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Man cited for warning drivers of police checkpoint

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Douglas Odolecki stood at the corner where he was cited for holding a sign that said: "Check point ahead! Turn now!" in Parma, Ohio.

CLEVELAND » A suburban Cleveland man says police violated his First Amendment rights to free speech when they cited him for holding a sign warning motorists to turn if they wanted to avoid a drunken-driving checkpoint.

Douglas Odolecki, 43, warned motorists with the sign Friday night in Parma that said: "Check point ahead! Turn now!"

Parma police spokesman Kevin Riley said officers cited Odolecki after he refused to remove the "Turn now!" portion of the sign. Officers had previously consulted with city attorneys to determine if Odolecki violated any laws by displaying the sign, Riley said.

Odolecki plans to fight the citation for obstructing official business.

It’s not the first time Odolecki has used the sign or has gotten into trouble because of it. Parma police arrested him in September 2012 for having a knife in his pocket while holding the same sign. He pleaded guilty to disorderly conduct and was sentenced to community service. Charges of carrying a concealed weapon and obstructing official business were dismissed.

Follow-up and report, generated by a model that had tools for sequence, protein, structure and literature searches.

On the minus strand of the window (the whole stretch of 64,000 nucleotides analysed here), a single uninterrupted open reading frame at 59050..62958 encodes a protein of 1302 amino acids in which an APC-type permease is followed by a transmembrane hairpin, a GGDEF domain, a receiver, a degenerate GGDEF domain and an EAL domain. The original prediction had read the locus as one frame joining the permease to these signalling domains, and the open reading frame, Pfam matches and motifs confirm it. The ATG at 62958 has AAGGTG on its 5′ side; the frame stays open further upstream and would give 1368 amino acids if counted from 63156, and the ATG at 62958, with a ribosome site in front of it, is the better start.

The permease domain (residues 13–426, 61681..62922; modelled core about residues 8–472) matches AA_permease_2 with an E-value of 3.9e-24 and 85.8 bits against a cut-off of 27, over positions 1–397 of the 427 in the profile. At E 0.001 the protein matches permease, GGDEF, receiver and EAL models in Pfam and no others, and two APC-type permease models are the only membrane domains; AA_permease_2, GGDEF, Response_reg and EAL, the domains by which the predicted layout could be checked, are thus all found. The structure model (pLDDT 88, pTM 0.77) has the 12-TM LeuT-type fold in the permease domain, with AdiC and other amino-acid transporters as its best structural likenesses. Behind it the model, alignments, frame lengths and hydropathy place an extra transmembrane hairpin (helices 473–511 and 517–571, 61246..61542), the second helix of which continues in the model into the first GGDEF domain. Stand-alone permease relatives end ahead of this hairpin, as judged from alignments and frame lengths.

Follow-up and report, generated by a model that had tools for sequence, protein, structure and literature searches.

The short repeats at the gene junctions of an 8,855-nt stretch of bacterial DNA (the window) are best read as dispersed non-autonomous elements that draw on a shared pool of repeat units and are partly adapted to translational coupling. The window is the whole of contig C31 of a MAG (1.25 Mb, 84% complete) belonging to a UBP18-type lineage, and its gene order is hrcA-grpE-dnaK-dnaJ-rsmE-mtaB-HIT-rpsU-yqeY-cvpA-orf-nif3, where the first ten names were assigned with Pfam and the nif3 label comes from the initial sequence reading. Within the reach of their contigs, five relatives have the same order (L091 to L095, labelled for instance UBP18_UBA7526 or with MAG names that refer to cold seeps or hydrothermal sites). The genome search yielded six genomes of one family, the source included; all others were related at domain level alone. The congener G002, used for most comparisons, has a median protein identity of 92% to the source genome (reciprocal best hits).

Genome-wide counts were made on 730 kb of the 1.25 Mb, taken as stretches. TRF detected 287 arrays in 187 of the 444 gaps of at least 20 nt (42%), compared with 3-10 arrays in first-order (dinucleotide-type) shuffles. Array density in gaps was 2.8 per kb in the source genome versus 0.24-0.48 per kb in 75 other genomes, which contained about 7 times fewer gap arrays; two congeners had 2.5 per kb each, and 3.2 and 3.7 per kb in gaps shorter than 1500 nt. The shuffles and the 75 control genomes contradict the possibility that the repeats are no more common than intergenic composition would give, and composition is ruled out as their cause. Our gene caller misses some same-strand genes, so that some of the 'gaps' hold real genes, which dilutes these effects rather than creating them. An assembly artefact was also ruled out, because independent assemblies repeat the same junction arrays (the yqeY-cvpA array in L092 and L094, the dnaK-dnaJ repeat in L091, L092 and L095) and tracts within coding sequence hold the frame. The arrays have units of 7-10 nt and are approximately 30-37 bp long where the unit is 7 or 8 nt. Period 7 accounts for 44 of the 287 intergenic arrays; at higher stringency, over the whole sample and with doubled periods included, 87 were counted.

Odolecki has made warning motorists of drunken-driving checkpoints his mission. He says he’ll go "anywhere I’m called, anywhere I’m needed, anywhere I see injustice happening."

He said he was a "hell-raiser" as a young man, but has stayed out of trouble the last 24 years. He conceded he has animosity toward police officers because they have hassled him numerous times he says for no reason.

Odolecki said he has used the sign to warn motorists about the checkpoints in his hometown of Parma on at least five occasions, in Columbus and several Cleveland suburbs. He said that since his arrest in 2012, he carries a video camera to record any interactions with police. A video of Friday’s incident showed that the officers were polite to him when they issued the citation.

"I bet if I wasn’t filming, I would have been in handcuffs," Odolecki said.

Attorney John Gold is representing Odolecki for free. Gold said police must alert the public in advance of setting up a drunken-driving checkpoint and that motorists are permitted to drive around them, which means Odolecki did nothing wrong when he held up the sign.

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